Francis Rossi: I don't have any closing words. Maybe that sounds strange, but I don't. You want me something to say like: "I'm looking forward to rock with you", but I don't do that. I would like to see our fans at the next gig or whatever we come to! I don't have any particular message that would put me in a very lofty position. I can't say: "This gig, it's going to be fantastic and the best night in your live!" That's not true. It might not be ... some people would see it as the worst night they ever had. We live in relativity! [laughs]
Alex: So, thanks again for your time and all the best for your future!
Francis Rossi: Thanks for listening!
A longer version of Francis's interview on Later With Jools Holland was broadcast on 12th October. This was a better version of the interview than the one broadcast on the 9th. It kicked off with a good plug for the "Hello Quo" DVD, before discussing the band's longevity and rock & roll lifestyle. Francis recounted the Vienna airport incident in some detail and the inevitable "Pictures of Matchstick Men" footage from Top of the Pops got yet another airing. Jools asked Francis what particular things he liked to take on tour and he said a special pillow, a very heavy robe, a blanket and a sheet - very rock and roll, eh?Revisit the October 2012 event list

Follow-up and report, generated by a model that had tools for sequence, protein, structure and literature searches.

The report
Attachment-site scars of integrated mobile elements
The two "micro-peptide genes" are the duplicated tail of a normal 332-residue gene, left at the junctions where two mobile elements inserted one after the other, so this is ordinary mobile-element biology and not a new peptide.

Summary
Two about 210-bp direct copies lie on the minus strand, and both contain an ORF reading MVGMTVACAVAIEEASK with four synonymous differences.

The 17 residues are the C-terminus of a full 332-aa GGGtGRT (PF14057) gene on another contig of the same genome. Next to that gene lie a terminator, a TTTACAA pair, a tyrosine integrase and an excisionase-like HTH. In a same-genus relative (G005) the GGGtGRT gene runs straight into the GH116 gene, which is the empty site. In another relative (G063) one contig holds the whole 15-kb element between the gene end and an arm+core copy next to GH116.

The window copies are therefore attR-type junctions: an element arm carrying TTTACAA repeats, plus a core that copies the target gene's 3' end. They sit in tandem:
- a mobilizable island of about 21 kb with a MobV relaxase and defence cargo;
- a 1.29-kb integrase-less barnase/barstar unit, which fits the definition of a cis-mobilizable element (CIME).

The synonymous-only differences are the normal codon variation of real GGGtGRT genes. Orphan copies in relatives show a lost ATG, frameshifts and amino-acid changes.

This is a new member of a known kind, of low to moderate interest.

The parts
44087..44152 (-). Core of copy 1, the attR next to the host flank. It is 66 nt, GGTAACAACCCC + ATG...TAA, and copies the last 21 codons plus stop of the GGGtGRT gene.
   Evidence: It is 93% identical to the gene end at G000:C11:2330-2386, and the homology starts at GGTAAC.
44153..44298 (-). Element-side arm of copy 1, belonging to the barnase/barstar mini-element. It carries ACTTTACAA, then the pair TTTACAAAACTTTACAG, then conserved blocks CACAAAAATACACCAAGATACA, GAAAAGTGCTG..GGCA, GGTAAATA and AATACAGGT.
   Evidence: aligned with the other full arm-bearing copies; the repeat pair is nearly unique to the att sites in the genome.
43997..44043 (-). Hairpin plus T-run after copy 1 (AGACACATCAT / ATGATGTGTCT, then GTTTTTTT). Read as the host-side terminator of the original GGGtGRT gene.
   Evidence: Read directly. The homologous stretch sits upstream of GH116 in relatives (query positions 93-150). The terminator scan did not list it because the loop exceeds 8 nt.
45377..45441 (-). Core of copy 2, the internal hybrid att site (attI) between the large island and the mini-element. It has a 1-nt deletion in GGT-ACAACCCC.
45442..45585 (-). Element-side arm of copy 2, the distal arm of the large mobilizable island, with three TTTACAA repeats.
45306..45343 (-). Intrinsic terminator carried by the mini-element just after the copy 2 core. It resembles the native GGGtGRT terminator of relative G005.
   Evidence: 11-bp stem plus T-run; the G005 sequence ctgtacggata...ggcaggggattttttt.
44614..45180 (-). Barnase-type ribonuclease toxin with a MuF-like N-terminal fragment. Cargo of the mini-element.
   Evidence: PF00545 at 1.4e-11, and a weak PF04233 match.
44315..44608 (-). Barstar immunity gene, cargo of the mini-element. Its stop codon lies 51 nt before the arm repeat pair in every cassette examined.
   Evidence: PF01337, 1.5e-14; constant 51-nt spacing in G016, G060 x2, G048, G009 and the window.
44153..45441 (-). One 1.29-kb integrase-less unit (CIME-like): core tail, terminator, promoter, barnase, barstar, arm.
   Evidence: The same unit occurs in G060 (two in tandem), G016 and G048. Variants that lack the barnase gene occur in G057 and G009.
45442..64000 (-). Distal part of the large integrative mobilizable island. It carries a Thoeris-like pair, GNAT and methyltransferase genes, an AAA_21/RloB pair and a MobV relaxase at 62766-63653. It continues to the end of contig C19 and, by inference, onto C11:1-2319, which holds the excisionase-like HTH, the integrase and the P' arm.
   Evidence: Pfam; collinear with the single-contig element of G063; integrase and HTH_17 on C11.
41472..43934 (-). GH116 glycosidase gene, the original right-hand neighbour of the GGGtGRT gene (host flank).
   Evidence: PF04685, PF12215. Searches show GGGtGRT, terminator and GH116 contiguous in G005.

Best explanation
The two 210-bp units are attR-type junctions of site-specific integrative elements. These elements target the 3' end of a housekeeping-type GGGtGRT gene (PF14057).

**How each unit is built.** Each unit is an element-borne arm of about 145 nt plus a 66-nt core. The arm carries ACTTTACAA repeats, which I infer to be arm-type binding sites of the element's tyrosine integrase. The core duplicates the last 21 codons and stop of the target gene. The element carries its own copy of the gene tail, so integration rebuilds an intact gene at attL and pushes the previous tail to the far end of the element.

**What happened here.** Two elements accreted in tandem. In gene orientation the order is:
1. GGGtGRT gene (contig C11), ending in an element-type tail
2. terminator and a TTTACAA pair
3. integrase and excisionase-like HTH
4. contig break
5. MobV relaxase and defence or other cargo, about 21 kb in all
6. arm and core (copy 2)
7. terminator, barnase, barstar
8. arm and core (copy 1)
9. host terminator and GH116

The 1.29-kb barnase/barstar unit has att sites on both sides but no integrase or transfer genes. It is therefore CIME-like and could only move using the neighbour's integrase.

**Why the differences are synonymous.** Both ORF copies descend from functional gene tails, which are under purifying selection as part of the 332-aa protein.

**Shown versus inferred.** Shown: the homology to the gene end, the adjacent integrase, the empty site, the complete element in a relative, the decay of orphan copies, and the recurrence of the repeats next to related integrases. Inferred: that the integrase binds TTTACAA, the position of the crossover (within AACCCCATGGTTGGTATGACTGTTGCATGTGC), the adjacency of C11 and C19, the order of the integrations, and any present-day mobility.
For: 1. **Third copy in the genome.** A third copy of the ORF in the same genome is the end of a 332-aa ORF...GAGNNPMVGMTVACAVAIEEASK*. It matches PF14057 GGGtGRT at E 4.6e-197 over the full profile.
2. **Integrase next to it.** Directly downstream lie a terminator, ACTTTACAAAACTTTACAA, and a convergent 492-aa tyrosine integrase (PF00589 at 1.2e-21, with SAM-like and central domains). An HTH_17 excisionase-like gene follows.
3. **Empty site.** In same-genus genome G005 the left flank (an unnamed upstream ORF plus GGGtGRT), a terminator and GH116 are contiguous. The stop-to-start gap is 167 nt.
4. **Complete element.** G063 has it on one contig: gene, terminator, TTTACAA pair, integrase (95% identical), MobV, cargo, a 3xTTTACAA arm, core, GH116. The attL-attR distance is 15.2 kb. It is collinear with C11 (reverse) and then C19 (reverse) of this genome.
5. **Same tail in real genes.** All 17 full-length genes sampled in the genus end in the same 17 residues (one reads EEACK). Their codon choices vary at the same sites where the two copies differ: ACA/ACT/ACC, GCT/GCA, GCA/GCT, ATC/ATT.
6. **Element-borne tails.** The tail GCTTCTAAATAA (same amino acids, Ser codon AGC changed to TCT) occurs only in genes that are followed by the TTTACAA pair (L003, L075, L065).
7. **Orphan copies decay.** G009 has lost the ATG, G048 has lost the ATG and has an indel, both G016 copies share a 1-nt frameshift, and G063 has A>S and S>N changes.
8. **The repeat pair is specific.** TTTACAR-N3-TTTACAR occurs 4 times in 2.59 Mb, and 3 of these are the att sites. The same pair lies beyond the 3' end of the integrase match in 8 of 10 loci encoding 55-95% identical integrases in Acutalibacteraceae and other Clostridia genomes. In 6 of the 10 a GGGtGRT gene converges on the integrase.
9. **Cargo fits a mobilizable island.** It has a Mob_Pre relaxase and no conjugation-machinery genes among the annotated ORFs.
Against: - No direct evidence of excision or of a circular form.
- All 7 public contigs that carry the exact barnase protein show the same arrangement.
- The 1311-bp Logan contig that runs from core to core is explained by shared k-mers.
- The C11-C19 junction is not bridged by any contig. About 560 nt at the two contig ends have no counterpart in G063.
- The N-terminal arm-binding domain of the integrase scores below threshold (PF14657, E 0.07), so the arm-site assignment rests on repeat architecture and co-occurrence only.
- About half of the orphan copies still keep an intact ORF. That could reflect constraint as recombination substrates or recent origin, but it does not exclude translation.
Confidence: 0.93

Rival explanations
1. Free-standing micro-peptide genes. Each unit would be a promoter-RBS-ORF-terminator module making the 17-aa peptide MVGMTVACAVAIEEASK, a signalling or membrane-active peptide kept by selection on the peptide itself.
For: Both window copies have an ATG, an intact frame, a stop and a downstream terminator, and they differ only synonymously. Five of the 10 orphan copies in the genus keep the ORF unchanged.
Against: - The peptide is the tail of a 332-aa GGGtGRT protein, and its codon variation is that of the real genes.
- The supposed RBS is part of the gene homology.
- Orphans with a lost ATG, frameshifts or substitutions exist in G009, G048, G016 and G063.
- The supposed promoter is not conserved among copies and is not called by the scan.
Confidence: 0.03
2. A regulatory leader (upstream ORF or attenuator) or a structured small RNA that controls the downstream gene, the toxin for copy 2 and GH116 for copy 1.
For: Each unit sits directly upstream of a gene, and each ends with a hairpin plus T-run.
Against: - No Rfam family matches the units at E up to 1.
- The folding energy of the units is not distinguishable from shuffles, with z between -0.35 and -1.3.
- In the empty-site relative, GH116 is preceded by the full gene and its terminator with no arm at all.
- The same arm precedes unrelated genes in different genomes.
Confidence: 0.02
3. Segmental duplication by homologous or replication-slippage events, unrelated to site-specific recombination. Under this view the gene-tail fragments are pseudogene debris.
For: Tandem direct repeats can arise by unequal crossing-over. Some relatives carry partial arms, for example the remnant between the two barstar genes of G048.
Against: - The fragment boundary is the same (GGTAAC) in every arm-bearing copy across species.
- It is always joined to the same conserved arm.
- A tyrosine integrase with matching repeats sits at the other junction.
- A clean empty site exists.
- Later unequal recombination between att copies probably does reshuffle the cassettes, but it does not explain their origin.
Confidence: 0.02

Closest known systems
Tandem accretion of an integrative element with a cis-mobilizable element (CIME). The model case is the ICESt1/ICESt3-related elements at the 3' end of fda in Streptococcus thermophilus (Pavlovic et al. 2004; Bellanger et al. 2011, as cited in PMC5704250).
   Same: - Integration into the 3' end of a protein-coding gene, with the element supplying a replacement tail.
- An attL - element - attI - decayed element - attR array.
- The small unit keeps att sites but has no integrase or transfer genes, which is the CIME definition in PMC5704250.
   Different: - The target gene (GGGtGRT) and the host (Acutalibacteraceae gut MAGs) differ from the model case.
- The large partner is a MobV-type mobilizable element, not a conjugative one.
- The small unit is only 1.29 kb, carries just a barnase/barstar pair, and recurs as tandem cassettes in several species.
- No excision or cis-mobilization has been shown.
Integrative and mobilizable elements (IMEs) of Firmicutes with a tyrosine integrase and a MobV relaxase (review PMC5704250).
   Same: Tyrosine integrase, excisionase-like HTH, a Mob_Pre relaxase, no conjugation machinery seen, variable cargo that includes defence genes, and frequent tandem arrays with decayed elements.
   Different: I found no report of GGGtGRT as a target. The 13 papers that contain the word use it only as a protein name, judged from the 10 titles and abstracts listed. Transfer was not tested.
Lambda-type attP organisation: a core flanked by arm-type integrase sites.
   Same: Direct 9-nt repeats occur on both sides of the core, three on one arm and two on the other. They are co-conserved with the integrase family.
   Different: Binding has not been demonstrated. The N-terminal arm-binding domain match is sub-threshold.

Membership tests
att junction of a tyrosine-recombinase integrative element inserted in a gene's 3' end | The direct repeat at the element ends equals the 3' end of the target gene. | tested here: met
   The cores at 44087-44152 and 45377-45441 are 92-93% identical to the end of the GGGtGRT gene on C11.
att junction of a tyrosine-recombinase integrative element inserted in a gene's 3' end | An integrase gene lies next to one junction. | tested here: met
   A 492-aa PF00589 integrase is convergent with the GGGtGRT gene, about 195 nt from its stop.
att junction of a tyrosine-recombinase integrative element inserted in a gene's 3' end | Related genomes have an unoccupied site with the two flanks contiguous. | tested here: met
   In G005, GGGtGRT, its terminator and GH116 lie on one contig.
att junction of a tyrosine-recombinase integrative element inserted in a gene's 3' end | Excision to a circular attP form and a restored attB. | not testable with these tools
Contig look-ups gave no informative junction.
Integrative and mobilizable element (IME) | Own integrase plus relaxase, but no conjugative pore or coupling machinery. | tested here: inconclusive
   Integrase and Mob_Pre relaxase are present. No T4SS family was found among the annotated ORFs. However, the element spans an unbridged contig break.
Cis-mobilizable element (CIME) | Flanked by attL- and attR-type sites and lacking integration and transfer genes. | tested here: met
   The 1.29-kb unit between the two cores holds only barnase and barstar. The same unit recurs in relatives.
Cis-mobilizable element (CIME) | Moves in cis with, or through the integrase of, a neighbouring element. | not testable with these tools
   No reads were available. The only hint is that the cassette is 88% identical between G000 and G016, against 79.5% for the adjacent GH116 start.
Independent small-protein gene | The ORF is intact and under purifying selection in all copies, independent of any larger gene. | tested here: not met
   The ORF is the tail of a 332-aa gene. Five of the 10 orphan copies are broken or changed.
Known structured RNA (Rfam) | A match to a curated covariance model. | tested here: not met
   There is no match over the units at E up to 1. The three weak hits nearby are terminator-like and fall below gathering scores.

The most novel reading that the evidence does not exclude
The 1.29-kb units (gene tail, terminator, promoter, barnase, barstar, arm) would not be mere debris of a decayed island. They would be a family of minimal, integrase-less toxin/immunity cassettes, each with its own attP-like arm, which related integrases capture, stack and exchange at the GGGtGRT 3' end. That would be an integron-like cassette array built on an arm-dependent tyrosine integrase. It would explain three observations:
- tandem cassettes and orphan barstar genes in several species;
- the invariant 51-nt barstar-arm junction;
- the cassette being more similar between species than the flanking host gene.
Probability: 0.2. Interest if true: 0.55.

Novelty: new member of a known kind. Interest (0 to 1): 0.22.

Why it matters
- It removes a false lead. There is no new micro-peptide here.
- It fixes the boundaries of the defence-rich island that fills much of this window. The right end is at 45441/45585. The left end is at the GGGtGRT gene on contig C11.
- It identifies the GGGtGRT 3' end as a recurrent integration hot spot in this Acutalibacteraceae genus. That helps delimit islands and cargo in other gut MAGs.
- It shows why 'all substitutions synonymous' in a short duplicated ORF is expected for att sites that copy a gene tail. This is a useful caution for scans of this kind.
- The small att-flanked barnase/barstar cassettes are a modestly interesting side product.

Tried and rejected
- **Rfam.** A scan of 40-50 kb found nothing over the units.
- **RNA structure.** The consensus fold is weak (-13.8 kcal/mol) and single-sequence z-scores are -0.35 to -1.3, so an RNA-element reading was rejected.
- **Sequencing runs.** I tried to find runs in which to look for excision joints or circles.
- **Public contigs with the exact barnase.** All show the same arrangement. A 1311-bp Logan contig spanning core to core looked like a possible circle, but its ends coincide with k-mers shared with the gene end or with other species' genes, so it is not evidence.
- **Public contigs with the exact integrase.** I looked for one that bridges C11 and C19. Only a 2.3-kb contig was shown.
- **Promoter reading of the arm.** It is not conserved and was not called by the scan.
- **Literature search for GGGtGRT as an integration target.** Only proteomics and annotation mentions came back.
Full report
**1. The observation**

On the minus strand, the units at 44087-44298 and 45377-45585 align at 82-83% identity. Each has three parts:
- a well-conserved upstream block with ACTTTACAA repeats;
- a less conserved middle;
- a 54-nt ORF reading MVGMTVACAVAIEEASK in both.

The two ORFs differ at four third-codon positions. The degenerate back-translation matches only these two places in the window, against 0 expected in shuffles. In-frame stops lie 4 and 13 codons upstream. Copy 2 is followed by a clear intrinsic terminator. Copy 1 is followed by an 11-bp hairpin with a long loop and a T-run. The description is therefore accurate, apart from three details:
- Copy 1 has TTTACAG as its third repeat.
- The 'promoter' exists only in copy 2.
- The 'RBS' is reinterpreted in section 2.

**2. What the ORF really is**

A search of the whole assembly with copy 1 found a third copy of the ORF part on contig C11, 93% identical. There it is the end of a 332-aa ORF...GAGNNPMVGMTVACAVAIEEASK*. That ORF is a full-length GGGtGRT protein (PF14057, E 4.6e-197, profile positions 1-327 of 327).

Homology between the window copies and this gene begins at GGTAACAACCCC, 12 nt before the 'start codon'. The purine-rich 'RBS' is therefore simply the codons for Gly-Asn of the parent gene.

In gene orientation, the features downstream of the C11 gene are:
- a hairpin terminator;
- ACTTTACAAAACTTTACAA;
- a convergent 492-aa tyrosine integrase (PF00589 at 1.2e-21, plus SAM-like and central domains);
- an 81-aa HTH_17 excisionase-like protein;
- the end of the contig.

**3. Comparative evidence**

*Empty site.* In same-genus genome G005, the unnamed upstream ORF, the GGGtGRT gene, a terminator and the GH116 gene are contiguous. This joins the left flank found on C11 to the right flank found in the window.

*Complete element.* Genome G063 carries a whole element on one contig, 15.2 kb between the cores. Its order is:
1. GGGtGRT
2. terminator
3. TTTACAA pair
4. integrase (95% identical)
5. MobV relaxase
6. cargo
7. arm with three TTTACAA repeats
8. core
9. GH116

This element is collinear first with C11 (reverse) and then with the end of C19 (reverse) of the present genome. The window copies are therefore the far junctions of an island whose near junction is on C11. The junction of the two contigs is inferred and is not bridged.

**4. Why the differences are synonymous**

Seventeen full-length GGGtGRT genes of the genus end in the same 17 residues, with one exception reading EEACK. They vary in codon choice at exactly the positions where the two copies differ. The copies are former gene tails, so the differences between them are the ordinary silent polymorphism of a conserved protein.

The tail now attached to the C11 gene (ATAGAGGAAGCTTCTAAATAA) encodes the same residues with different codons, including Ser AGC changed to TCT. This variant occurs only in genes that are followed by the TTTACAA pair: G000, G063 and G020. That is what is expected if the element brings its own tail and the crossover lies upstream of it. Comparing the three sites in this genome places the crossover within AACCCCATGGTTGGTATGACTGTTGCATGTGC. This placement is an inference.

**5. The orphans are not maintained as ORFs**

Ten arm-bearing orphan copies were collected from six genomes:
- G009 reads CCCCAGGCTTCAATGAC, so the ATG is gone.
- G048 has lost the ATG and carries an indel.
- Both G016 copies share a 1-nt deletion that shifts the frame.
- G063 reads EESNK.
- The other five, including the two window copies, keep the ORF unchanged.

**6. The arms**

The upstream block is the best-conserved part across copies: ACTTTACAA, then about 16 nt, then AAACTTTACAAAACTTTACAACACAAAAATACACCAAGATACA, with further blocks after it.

The following article appeared in the Sunday edition of the Independent newspaper on 14th October, entitled "50 years of Quo - and still no fourth chord" and written by Jonathan Owen.
"For decades they were prophets without honour in their own land. Status Quo, former three-chord wonders and the ultimate pub band, now find themselves the musical influence everyone wants to claim.
The band have never been accused of being "cool", nor cared very much. Yet this weekend songwriters as diverse as Paul Weller, Jeff Lynne, Noel Gallagher and Brian May queued up to heap praise on them. A new biopic which opens next week will cement the band's new-found respectability.